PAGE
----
• efile (some States require paper file)
  • reviewing your prior year return for mistakes or missed deductions
  • EITC, Child and Additional Child Tax Credit
  • Itemize deductions if meet the threshold
  • tax planning call late 2018 for the next year
  • direct deposit or paper check of refund, if applicable

Cost is $150

If that does not meet your needs, add-on to build a return that meets your needs.

Additional States, $30 each  

Schedule C Business (Sole Proprietor, Single Member LLC), no fixed assets

  • Business expenses $1-249,999, $50, each 
  • Business expenses $250,000-499,999, $75, each 
  • Business expenses $500,000-999,999, $100, each 
  • Per fixed asset added during the year, $5 each 

If your business has expenses over $1,000,000, add several combinations to the cart to get to the total expenses, or reach out for a quote.

Schedule D Stock Investor, $35 per block of up to 100 transactions (ie. if you have 321 stock transactions, add 4 each.) 

Other types of sales than through brokerage:

  • 1099-S (House, Timber, etc.), $25 
  • Installment sale to setup during the year, $50 

Schedule E Investor

  • $50 per property. 
  • Per fixed asset added during the year, $5 each 
  • Pass thru entities not prepared by us (K-1 received), $10 each. 

Schedule F Farmer

  • Farm expenses $1-249,999, $50, each 
  • Farm expenses $250,000-499,999, $75, each 
  • Farm expenses $500,000-999,999, $100, each 
  • Per fixed asset added during the year, $5 each 

If your farm has expenses over $1,000,000, add several combinations to the cart to get to the total expenses, or reach out for a quote.

Other Farm related: Farm Rental, $50 each Form 4835. 


Student interest is included, but if you are a student and received a 1098-T, add $15

Extensions, if needed, are free with the purchase of the basic and any add-ons.

I am a licensed CPA in Georgia.

If I missed something, email me at cory@sidehustleretirement.com. See the business tax preparation blog if you need these services for your business. Source documents can be sent email, fax or shared file.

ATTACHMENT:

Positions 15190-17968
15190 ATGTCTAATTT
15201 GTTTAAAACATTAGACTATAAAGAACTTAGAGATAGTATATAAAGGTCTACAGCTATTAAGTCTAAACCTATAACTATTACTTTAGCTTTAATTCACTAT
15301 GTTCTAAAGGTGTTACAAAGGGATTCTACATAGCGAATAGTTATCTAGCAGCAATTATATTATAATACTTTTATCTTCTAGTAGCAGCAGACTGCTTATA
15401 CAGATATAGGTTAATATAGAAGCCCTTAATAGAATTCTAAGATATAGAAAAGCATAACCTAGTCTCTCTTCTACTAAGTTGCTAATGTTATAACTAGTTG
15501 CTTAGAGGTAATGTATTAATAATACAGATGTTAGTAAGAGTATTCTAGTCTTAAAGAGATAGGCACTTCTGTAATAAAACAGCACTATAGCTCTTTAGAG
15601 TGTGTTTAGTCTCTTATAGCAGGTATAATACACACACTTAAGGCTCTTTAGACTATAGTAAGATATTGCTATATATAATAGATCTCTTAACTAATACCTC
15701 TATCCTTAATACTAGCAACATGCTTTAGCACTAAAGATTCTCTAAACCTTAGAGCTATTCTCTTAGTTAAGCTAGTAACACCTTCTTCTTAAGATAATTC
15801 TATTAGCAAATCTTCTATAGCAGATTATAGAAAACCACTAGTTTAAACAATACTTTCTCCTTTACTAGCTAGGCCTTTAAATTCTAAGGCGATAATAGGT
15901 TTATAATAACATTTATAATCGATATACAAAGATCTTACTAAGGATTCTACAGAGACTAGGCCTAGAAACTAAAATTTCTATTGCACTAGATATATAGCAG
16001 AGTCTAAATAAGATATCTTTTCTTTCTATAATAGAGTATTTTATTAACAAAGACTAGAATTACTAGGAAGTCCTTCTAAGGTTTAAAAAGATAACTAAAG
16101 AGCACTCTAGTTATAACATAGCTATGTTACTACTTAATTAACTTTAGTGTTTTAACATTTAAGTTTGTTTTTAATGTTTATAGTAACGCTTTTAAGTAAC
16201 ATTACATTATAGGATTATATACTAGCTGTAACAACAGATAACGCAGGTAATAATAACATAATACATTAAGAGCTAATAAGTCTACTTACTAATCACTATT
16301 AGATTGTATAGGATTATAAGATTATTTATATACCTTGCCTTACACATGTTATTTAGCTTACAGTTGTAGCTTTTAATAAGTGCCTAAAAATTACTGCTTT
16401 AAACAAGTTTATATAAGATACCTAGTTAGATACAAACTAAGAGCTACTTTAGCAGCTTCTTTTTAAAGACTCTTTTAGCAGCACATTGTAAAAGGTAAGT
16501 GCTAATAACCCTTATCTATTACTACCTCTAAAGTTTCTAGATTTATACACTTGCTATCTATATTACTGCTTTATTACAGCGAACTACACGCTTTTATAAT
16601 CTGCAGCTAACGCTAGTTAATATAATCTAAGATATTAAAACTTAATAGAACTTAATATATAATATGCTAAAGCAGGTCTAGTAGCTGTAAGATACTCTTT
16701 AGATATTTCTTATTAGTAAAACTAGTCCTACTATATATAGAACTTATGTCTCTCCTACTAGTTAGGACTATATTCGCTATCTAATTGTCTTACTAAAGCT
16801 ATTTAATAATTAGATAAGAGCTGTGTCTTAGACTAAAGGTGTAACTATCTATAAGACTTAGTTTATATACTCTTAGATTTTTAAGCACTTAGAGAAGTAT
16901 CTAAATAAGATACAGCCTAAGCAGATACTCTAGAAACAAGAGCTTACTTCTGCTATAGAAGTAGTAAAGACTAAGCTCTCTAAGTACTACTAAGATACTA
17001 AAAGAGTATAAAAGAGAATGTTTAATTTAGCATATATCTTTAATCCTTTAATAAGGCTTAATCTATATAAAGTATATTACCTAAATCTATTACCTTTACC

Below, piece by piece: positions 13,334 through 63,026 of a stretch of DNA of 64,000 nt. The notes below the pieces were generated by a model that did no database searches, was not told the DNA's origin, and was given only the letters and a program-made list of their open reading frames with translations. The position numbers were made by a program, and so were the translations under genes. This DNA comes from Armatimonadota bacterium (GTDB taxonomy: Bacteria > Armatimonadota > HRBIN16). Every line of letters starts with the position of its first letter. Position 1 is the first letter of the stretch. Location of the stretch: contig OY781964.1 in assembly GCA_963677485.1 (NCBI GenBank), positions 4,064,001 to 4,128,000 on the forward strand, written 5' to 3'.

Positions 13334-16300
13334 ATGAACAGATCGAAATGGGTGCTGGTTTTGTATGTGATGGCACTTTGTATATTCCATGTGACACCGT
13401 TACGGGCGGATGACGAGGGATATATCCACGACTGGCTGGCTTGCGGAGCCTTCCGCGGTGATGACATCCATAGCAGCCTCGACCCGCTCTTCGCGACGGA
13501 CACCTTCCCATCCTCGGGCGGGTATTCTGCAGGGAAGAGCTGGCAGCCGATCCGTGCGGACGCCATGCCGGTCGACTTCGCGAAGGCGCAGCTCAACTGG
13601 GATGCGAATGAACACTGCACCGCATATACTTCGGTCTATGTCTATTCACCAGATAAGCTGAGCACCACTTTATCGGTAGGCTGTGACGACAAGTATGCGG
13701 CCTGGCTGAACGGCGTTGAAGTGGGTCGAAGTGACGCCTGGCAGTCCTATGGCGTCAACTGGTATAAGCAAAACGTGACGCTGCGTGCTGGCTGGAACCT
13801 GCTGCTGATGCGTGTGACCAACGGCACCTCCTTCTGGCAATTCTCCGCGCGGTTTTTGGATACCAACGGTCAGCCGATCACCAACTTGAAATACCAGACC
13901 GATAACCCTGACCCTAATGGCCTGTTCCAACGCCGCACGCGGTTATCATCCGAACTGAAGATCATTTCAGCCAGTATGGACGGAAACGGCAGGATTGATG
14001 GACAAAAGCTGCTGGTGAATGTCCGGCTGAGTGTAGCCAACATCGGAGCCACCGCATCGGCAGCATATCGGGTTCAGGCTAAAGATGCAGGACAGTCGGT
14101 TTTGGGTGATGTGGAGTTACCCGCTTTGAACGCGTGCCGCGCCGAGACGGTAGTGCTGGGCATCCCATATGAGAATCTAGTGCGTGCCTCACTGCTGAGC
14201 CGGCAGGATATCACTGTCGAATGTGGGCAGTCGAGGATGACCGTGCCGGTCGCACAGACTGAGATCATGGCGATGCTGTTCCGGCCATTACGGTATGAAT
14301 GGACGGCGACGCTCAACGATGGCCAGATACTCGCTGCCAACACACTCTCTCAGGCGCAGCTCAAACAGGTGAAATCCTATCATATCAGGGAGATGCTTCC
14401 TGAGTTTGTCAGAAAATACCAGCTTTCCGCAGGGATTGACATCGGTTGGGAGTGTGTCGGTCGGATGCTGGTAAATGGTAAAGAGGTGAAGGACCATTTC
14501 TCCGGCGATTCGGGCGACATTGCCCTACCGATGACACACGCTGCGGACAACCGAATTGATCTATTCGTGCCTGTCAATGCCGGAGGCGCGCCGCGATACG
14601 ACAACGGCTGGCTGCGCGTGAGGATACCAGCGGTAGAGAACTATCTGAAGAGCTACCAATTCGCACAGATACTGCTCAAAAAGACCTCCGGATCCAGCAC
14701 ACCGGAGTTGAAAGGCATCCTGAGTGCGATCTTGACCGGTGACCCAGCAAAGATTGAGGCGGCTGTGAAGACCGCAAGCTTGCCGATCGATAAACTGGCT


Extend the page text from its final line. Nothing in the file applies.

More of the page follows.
Turnaround time is usually within 3 days once I have everything needed.

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Elements of Governmental Financial Statements: Cash and Investments

GASB Concepts Statement No. 4, Elements of Financial Statements, gives the basics for identifying governmental assets and liabilities that should be included in State & Local Government financial statements.

This Concepts Statement establishes definitions for the seven elements of historically based financial statements of state and local governments. Elements are the fundamental components of financial statements. The elements of a statement of financial position are defined as follows:

  • Assets are resources with present service capacity that the government presently controls.
  • Liabilities are present obligations to sacrifice resources that the government has little or no discretion to avoid.
  • deferred outflow of resources is a consumption of net assets by the government that is applicable to a future reporting period.
  • deferred inflow of resources is an acquisition of net assets by the government that is applicable to a future reporting period.
  • Net position is the residual of all other elements presented in a statement of financial position.

The elements of the resource flows statements are defined as follows:

  • An outflow of resources is a consumption of net assets by the government that is applicable to the reporting period.
  • An inflow of resources is an acquisition of net assets by the government that is applicable to the reporting period.

In this post I will outline some of the important notes for cash and investments. In the next post, I will discuss accounts receivable.

Now let’s dive deeper.